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As Easter approaches, families all over the United Kingdom are gearing up for a time of celebration, reflection, and togetherness, which can create a particularly difficult environment for parents who have a shared arrangement with their children.

Organising child contact over Easter can present some unique challenges , so we’ve put together five tips to help you nurture family connections over the Easter holidays.


How to Arrange Family Time Over Easter

1. Plan Ahead

There’s a generous school break of two weeks over Easter, so it’s natural for you to want to spend as much of that time with your child as possible. If you already have child arrangements order in place, this should outline what time you’re able to spend with your child over Easter.

If you don’t have an order, or would like to deviate from the plan in place, the first thing to do is talk to your co-parent.

Communication is vital when it comes to coordinating child contact. The earlier you start the conversation with the co-parent, the better. This includes discussions over scheduling, logistics, and any special traditions you may wish to incorporate into your plans.

2. Flexibility

Flexibility is essential when it comes to co-parenting, especially during the holidays. Schedules will sometimes need to be adjusted to accommodate settled households, extended family gatherings, and other commitments. It’s important to be open-minded and willing to compromise for the best interests of the children.

If you’re proactive in discussing arrangements and preferences, this is likely to minimise any last-minute conflicts and ensure a smooth, enjoyable holiday for both parents and the children.

3. Quality Time

It’s important to prioritise quality time spent together as a family, perhaps especially during holiday celebrations like Easter. Try to put aside distractions that could interfere with your bonding time, such as electronic devices, and dedicate your full attention to engaging with your children.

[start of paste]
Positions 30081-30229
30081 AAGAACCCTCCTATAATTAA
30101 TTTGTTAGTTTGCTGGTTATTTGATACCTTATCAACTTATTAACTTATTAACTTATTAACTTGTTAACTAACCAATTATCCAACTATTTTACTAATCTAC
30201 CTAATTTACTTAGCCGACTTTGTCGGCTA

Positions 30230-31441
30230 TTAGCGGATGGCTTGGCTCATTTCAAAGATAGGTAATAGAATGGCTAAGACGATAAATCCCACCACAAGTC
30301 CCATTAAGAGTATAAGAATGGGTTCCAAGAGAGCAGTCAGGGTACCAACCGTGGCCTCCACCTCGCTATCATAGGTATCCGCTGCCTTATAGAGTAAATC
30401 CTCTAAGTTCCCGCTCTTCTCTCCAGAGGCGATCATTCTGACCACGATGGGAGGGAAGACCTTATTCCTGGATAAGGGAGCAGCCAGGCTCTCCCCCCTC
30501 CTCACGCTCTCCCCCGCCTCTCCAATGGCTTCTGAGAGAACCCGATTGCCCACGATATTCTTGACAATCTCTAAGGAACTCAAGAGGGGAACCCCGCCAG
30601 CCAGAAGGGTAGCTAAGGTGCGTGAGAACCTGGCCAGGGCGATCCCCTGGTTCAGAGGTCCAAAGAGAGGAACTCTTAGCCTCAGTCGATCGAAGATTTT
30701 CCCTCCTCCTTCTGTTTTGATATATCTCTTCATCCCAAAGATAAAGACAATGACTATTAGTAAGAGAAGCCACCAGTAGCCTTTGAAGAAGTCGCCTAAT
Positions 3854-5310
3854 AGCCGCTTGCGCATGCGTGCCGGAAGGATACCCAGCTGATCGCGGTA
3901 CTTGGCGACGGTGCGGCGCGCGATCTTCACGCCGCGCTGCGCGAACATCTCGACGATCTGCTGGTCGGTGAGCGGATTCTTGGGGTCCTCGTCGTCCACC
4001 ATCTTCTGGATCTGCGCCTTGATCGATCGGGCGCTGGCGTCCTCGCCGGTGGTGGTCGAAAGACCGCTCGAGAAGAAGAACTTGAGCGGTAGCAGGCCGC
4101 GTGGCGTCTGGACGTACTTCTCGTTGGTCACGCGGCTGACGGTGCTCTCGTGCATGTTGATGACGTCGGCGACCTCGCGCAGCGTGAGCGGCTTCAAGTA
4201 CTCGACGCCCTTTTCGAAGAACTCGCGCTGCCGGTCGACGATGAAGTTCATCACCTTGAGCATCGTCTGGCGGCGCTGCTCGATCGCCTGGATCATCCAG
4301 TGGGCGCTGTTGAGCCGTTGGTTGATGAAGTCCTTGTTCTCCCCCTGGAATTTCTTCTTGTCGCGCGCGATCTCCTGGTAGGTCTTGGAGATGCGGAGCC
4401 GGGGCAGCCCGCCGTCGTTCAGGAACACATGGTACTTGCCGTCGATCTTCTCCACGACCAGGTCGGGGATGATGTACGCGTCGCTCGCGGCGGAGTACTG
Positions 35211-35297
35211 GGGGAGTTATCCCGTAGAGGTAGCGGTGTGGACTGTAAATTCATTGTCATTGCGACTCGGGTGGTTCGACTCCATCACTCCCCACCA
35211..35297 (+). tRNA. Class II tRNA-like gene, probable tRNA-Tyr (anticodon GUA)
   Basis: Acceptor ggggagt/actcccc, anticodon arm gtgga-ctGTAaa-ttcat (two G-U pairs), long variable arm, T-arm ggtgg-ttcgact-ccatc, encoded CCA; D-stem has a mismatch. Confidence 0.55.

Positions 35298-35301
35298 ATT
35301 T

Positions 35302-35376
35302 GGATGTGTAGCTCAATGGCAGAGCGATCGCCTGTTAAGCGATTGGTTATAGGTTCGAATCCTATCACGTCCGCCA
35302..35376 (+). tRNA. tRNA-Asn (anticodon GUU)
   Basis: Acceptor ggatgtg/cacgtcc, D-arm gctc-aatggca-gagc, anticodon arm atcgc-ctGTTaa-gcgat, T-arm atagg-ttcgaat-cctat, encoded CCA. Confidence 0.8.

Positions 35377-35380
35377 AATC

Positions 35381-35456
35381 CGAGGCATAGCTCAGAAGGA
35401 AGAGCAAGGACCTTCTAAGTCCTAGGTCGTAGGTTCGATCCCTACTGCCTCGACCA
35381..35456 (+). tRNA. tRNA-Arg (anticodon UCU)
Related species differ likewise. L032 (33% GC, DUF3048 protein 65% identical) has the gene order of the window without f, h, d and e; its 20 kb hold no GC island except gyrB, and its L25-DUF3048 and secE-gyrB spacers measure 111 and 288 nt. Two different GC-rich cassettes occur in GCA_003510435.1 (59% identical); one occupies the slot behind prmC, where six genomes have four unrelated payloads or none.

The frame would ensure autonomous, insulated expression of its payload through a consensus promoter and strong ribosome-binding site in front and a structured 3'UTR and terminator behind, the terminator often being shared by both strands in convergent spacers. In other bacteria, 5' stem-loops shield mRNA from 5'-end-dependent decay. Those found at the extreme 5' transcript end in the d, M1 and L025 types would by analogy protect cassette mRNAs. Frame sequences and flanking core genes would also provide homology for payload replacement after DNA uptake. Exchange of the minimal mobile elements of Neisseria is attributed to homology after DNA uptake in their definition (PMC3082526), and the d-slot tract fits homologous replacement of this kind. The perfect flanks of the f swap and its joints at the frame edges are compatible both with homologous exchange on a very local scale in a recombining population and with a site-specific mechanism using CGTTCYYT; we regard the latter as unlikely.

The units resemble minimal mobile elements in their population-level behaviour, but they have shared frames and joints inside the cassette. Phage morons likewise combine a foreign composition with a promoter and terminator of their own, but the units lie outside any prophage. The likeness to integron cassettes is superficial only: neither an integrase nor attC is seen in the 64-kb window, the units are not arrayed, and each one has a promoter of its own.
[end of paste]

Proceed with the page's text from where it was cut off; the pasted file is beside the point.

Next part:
You could organise an Easter egg hunt in the garden, cook a meal together, or dedicate your day to another activity which will require your and your child’s full commitment.

4. Spend Time With Extended Family

Extended families offer emotional and supportive relationships for children. It’s valuable for them to spend time with them if possible, to give them the best opportunity to create strong connections.

In particular, spending time with cousins, step and half-siblings, or anyone else who might be a similar age to your child can create a great opportunity for them to feel at home with both sides of the family.

5. Talk to Your Children

It’s vital to communicate transparently with your children about the Easter arrangements; keep them updated about their schedules so they don’t suffer any distress or last-minute letdowns.

Your child is as important a part of the organisation process as you and your co-parent. Including them in the conversation will not only help minimise any confusion, but will make them feel like a respected party within the family.


How Howells can Help

At Howells, our family law solicitors have great experience in advising parents on contact over the holiday periods, including Easter.

If you require the assistance of a solicitor, get in touch with us today or complete our online enquiry form and we’ll call you back at a time that’s convenient for you.

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